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Fiscal Space

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Author Info

  • Jun Il Kim
  • Atish R. Ghosh
  • Mahvash Saeed Qureshi
  • Jonathan David Ostry

Abstract

In this note, the authors reexamine the issue of debt sustainability in a large group of advanced economies. Their hypothesis is that, when debt is in a moderate range, its dynamics are sustainable in the sense that increases in debt elicit sufficient increases in primary fiscal balances to stabilize the debt-to-GDP ratio. At high debt levels, however, the dynamics may turn unstable, and the debt ratio may not converge to a finite level. Such a framework allows the authors to define a “debt limit†that is consistent with a country’s historical track record of adjustment in the sense that, without an extraordinary fiscal effort, any debt increment beyond this limit would cause debt to increase without bound. This debt limit is not an absolute and immutable barrier, however, but rather defines a critical point above which a country’s normal fiscal response to rising debt becomes insufficient to maintain debt sustainability. Nor should this debt limit be interpreted as being in any sense the optimal level of public debt. Indeed, since this limit delineates the point at which fiscal solvency is called into question—and the analysis abstracts entirely from liquidity/rollover risk—prudence dictates that countries will typically want to be well below their debt limit. Given a country’s normal pattern of adjustment, “fiscal space†is then simply the difference between its debt limit and its current level of debt.

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Bibliographic Info

Paper provided by International Monetary Fund in its series IMF Staff Position Notes with number 2010/11.

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Length: 25
Date of creation: 01 Sep 2010
Date of revision:
Handle: RePEc:imf:imfspn:2010/11

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Related research

Keywords: Fiscal sustainability; Debt management; Developed countries; Public debt; debt dynamics; advanced economies; fiscal space; debt ratio; fiscal effort; fiscal policy; fiscal adjustment; fiscal reaction function; fiscal rules; debt service; debt sustainability; government expenditure; government debt; debt ratios; fiscal performance; primary balance ratio; fiscal balances; fiscal strategies; fiscal deficits; fiscal solvency; primary fiscal balance; fiscal policies; tax increases; fiscal pressures; fiscal adjustment efforts; net debt; fiscal shock; fiscal concerns; fiscal affairs; fiscal ? crisis; spending cuts; fiscal response; average debt ratio; budget constraint;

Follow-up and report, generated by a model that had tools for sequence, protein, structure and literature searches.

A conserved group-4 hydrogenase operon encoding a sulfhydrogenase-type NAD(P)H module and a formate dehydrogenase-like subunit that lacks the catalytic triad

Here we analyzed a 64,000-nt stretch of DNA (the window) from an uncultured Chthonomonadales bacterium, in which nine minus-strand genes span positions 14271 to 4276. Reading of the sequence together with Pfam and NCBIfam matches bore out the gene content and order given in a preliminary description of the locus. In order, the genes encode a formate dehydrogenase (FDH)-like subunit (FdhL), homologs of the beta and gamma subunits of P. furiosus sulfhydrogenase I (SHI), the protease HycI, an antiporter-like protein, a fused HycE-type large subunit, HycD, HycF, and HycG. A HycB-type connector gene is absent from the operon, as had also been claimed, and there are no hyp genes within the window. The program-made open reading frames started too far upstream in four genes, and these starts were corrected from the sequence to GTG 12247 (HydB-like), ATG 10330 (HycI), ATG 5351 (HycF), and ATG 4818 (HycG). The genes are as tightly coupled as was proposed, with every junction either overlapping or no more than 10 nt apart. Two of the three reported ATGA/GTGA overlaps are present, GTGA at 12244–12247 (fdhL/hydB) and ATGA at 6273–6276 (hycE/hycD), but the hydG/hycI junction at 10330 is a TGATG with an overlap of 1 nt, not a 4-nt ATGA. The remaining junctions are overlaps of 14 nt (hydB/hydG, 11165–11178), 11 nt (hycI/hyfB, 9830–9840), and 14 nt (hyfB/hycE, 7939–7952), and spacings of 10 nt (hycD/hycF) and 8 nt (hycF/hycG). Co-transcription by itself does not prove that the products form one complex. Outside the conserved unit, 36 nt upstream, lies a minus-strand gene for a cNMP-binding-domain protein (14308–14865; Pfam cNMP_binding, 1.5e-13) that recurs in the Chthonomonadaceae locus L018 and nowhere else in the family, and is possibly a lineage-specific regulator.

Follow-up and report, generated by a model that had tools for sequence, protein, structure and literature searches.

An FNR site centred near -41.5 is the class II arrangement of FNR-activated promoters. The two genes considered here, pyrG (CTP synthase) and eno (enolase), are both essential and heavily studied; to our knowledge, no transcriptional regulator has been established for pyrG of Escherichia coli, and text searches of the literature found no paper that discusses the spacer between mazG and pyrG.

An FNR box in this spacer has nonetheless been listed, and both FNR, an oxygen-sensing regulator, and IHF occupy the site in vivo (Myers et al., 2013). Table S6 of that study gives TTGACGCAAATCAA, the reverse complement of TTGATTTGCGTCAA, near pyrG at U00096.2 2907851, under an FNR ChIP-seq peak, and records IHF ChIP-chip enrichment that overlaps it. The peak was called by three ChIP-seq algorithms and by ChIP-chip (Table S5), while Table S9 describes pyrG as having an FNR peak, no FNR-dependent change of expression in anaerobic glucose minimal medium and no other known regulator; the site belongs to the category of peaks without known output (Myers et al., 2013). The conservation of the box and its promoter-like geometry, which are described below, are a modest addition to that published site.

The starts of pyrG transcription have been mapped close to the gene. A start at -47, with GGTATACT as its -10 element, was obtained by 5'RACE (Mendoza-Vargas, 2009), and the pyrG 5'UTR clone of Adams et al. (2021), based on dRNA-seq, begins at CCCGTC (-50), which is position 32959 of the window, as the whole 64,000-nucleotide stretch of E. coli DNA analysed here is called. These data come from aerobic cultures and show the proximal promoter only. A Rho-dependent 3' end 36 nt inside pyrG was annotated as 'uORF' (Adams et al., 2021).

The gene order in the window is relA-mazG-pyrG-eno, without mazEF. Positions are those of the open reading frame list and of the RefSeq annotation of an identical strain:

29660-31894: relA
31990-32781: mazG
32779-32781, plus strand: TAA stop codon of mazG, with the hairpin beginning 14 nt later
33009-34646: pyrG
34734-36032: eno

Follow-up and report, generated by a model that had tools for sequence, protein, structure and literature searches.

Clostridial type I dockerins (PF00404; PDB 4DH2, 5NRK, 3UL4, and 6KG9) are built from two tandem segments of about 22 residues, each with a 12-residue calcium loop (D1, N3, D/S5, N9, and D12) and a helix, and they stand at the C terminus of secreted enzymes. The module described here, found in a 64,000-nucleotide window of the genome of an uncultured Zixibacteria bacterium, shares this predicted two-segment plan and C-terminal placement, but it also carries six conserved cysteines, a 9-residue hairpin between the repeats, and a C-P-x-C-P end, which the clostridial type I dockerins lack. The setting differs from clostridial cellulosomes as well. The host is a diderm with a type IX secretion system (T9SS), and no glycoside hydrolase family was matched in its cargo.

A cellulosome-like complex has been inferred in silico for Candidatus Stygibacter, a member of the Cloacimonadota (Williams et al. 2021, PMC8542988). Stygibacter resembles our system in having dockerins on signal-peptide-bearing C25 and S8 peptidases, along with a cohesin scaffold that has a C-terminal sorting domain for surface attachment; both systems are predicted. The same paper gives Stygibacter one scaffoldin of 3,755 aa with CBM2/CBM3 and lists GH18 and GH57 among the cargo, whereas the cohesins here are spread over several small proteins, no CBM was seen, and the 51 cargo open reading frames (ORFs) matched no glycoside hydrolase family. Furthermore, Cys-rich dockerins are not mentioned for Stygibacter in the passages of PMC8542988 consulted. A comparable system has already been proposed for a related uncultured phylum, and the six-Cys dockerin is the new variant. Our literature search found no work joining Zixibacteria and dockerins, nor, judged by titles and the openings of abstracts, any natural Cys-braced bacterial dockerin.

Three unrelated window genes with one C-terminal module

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Citations

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Cited by:
  1. Mark Allen, 2011. "Fiscal Policy Options in light of Recent IMF Research," CASE Network Studies and Analyses 421, CASE-Center for Social and Economic Research.
  2. Bevan, David, 2012. "Aid, Fiscal Policy, Climate Change, and Growth," Working Paper Series UNU-WIDER Research Paper , World Institute for Development Economic Research (UNU-WIDER).
  3. Menzie Chinn, 2011. "Comment on "The Fiscal Stimulus in 2009-11: Trade Openness, Fiscal Space and Exchange Rate Adjustment"," NBER Chapters, in: NBER International Seminar on Macroeconomics 2011, pages 343-347 National Bureau of Economic Research, Inc.
  4. Robert A Buckle & Amy A Cruickshank, 2013. "The Requirements for Long-Run Fiscal Sustainability," Treasury Working Paper Series 13/20, New Zealand Treasury.
  5. Mundle, Sudipto & M.Govinda Rao & Bhanumurthy, N.R., 2011. "Stimulus, Recovery and Exit Policy G20 Experience and Indian Strategy," Working Papers 11/85, National Institute of Public Finance and Policy.
  6. Ghosh, Atish R. & Ostry, Jonathan D. & Qureshi, Mahvash S., 2013. "Fiscal space and sovereign risk pricing in a currency union," Journal of International Money and Finance, Elsevier, vol. 34(C), pages 131-163.
  7. Marco Battaglini & Stephen Coate, 2011. "Fiscal Policy and Unemployment," NBER Working Papers 17562, National Bureau of Economic Research, Inc.
  8. Bianconi, Marcelo & Fisher, Walter H., 2011. "Intertemporal Budget Policies and Macroeconomic Adjustment in Indebted Open Economies," Economics Series 271, Institute for Advanced Studies.

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